Good morning and welcome to The Bulletin. In today’s edition: Three waters bid gets tepid response, travel bubble pops again, and major unions taking court case against Uber.
Central government has tried to reassure local government politicians of the impending water reforms with a few major announcements. One News It was announced $2.5bn will be spread across the country, to help councils manage the change to their asset base that would result. As well as that, the government gave additional assurances against any privatisation of water assets, once the new structure gets put in place. The announcement came at the LGNZ conference in Blenheim. Stuff reports National leader Judith Collins has described it as a “bribe”, and criticising the promised economic benefits of the reforms as “unconvincing”.
$2.5bn is a lot of money, but doesn’t go quite so far when you start breaking it down. For example, Steven Walton of the Press looked at how much each individual council would get around Canterbury – Christchurch was up at $122 million, but at the other end Kaikoura and Mackenzie were getting just over $6 million. Christchurch councillors described that as “pocket change”, and said they’d be handing over far more valuable assets. The NZ Herald reports Auckland mayor called for a “bespoke” SuperCity deal, in response to just over half a billion dollars. Kaipara mayor Jason Smith – an early and enduring critic of the reforms, tweeted the overall response from the mayors in Blenheim was somewhere between “lukewarm and tepid”.
That wasn’t a universal response though. Hutt mayor Campbell Barry tweeted in support of the reforms, saying they were unfortunately necessary. “What is clear, the status quo in how our three water infrastructure is currently funded and implemented is unsustainable. Change is needed to ensure our water is healthy for our people and our environment, for the long term.” And it shouldn’t be forgotten that this whole project didn’t just start on a whim – it started because there is a looming avalanche of costs to address an infrastructure deficit.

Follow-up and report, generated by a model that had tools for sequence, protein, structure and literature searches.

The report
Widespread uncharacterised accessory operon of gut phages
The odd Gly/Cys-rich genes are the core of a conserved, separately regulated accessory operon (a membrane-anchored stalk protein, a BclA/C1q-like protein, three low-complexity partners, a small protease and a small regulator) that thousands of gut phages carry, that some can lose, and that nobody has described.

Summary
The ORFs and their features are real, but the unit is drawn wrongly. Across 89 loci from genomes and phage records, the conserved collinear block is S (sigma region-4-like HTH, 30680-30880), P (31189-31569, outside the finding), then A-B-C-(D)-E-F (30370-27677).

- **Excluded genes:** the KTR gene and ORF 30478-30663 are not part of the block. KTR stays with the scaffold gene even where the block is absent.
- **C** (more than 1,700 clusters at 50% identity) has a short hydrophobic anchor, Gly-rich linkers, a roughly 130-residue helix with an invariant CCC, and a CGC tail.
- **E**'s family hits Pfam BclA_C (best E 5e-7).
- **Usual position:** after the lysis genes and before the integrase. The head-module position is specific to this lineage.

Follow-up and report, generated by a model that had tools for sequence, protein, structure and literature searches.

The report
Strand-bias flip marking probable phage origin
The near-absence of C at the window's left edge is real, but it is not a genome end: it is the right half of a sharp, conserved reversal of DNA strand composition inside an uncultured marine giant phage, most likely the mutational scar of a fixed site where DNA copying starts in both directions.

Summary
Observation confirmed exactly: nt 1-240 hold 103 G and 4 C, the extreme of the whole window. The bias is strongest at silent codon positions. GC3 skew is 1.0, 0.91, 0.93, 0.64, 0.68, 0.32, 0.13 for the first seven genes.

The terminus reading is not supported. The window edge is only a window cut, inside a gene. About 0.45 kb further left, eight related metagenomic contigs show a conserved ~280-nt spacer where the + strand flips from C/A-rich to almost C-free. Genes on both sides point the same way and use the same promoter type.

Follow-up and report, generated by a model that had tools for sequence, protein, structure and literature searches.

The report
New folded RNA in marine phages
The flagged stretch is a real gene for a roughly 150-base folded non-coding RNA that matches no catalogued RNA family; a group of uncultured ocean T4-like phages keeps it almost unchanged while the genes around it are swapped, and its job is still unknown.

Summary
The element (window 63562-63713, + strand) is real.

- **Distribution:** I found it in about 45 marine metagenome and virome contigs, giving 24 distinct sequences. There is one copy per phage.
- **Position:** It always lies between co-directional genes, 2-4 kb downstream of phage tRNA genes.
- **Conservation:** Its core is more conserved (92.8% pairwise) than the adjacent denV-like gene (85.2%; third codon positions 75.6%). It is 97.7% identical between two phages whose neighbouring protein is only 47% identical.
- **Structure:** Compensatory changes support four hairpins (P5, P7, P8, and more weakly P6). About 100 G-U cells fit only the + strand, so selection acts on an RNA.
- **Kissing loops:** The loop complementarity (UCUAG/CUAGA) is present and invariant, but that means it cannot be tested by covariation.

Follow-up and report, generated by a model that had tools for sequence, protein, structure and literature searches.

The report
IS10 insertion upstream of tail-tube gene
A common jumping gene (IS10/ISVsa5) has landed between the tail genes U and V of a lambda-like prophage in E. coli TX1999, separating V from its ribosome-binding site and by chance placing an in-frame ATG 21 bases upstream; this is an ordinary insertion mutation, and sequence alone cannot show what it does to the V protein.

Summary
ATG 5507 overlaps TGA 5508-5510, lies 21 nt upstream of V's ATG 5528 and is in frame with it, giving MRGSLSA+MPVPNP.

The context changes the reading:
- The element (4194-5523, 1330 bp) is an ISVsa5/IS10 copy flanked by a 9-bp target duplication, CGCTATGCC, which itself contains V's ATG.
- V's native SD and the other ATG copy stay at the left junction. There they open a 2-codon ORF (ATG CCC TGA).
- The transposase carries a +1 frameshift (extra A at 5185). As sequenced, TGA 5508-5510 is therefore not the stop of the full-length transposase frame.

The travel bubble continues to expand and pop again, with the news that Victoria is now also going to be closed off. Our live updates reported yesterday that it comes amid a lockdown for the state, with cases starting to spread. Queensland has also reported a very small number of cases. In New South Wales, dozens of new cases are still coming each day, but state officials are somewhat heartened by a drop in the daily rate. Meanwhile in the UK, the country is about to embark on a very dubious and dangerous form of freedom, writes Dr Siouxsie Wiles, with all restrictions set to be lifted despite a surge in cases.
Two major unions are taking Uber to court in a case that could have a defining impact on the gig economy. Writing for Newsroom, labour issues journalist Rebecca Macfie reports the unions want a declaration that Uber’s thousands of drivers are employees, rather than contractors – which would come with corresponding protections and rights. A precedent of sorts was recently set in the UK, where the Supreme Court ruled drivers were employees.
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Extended visas are being given for “lower paid skilled migrants”, particularly those in the service sector, reports Stuff this morning. It will allow about 18,000 people to stay in the country for another year, according to immigration minister Kris Faafoi. The extension cuts somewhat against the wider government push to get industries to stop relying on cheaper migrant labour, and probably reflects the agitation that has been going on from business owners that are having difficulties finding staff.